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M. W. Seeliger, B. Wissinger, E. Zrenner, D. Nagy, M. D. Fischer; Effects of Serum Retinol-Binding Protein (sRBP) Deficiency on Development and Degeneration of the Human Retina. Invest. Ophthalmol. Vis. Sci. 2009;50(13):974.
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© ARVO (1962-2015); The Authors (2016-present)
Serum retinol-binding protein (sRBP) is the key transporter of Vitamin A to the Retina. The uptake via the retinal pigment epithelium (RPE) is mediated by the recently discovered STRA6 receptor. In 1999, we described a family with compound heterozygous mutations in the RBP4 gene encoding sRBP (OMIM 180250). Here, we present the results of a 10 year follow-up of these patients, as well as phenotypic data of a new sibling (the child of one affected female) that provide novel insights about the role of sRBP during development.
Patients underwent a basic ophthalmologic examination, visual field and colour vision tests, dark adaptometry, an electrophysiological (ERG) assessment, and fundus imaging/SLO at several time points during the past decade. A sequence analysis of the RBP4 gene was performed to confirm the heterozygosity of the new sibling.
In the two patients carrying the compound heterozygous mutations, the developmental aberrations were rather mild, but there was a clear functional deficit and signs of a retinal degeneration that appeared to be progressive. Particularly remarkable was the development of white-yellowish spots in the mid periphery reminiscent of other retinoid cycle disorders that were not present initially. In contrast, the heterozygous child had much more expressed developmental defects, most prominently a bilateral coloboma reaching from the iris until close to the optic nerve.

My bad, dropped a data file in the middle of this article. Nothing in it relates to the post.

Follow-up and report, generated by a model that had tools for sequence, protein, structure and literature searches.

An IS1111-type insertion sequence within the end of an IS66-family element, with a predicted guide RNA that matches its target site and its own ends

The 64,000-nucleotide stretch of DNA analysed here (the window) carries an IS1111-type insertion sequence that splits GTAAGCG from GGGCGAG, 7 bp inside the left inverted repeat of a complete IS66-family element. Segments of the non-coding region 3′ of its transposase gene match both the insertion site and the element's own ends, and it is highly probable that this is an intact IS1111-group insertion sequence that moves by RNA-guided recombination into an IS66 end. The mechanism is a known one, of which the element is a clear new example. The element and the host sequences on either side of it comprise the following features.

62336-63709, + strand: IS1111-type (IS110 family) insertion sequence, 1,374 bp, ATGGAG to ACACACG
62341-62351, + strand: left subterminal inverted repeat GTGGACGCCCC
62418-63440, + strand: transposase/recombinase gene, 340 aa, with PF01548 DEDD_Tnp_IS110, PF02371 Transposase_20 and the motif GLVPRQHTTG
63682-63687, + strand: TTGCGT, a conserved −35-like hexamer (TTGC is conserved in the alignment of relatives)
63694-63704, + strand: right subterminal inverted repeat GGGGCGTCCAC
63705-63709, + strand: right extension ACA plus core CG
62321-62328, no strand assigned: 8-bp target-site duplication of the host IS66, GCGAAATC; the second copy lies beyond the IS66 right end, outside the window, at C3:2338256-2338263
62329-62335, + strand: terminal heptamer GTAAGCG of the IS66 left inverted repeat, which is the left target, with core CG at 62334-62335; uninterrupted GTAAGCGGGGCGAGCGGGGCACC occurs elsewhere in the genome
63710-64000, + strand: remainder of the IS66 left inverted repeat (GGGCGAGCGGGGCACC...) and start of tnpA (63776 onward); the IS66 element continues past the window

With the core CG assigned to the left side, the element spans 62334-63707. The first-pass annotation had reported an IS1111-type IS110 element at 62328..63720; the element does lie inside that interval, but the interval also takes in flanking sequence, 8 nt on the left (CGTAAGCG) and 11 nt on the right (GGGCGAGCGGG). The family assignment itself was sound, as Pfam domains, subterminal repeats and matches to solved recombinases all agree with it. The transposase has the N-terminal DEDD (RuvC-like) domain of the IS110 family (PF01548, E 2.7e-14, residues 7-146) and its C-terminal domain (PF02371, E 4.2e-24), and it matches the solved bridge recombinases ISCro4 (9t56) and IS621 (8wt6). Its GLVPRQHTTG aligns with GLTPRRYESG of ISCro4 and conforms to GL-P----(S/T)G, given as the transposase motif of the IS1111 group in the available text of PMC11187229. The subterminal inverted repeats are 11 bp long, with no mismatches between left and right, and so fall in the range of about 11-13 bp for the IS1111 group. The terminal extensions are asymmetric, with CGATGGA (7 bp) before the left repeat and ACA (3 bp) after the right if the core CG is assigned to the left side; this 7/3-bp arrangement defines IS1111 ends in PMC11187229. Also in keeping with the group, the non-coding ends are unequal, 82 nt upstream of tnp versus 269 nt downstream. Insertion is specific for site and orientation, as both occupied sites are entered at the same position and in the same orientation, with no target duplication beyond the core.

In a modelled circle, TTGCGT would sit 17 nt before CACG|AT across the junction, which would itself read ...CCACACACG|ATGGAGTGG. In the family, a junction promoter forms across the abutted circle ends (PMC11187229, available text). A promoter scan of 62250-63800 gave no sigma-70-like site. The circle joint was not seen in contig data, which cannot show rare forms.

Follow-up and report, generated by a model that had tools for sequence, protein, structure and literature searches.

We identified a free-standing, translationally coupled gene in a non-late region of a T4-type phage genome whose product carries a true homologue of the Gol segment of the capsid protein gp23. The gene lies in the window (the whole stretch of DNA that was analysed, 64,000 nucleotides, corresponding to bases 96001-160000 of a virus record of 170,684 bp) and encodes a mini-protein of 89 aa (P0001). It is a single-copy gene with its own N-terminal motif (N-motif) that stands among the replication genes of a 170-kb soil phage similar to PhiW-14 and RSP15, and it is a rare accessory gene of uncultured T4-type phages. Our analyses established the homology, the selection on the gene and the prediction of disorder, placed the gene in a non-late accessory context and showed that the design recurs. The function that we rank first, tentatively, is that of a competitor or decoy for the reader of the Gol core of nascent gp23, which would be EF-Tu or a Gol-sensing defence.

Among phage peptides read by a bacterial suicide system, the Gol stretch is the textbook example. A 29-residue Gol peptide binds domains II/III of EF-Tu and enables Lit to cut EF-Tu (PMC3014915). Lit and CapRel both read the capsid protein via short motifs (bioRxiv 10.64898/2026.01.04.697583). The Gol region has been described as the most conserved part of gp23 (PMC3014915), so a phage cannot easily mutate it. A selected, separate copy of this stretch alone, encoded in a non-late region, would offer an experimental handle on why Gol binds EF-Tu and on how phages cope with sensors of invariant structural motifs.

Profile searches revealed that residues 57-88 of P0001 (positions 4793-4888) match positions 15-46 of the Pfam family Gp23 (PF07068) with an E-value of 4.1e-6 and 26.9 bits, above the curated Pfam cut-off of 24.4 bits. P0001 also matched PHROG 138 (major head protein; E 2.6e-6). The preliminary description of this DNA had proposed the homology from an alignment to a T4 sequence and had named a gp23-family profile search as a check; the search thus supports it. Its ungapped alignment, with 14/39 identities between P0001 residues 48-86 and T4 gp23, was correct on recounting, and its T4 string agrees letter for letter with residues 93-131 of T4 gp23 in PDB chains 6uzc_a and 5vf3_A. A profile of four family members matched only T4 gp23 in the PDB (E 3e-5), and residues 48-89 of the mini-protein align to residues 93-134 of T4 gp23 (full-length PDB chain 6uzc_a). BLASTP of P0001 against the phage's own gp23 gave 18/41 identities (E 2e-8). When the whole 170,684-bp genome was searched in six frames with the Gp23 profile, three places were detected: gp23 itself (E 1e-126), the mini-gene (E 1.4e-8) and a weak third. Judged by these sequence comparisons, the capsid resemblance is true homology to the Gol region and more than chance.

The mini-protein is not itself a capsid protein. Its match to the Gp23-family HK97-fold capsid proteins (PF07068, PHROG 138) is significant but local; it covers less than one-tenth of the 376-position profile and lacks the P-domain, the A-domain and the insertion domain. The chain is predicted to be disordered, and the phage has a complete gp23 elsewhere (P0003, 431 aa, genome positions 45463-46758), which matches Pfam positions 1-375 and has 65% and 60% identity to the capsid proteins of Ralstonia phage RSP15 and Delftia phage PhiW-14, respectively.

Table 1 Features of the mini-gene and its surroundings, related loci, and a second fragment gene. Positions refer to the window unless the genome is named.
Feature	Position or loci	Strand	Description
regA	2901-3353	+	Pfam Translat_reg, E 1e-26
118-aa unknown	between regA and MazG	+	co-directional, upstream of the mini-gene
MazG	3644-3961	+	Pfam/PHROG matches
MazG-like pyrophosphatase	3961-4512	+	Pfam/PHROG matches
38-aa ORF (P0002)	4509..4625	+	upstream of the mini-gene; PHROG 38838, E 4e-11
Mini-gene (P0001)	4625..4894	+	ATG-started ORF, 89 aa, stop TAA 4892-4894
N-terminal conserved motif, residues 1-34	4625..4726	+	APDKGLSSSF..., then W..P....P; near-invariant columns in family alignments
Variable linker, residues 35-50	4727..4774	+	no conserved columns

sRBP deficiency appears to be a moderately progressive retinal degenerative disorder that may on the basis of the functional phenotype and degenerative nature roughly be placed between fundus albipunctatus and retinitis punctata albescens. The fact that the heterozygous child carries the same mutation as its phenotypically unaffected grandmother indicates that the maternal sRBP/retinol status, rather than the individual one, is decisive for the developmental component, whereas the individual status determines the expression of the retinal degeneration.
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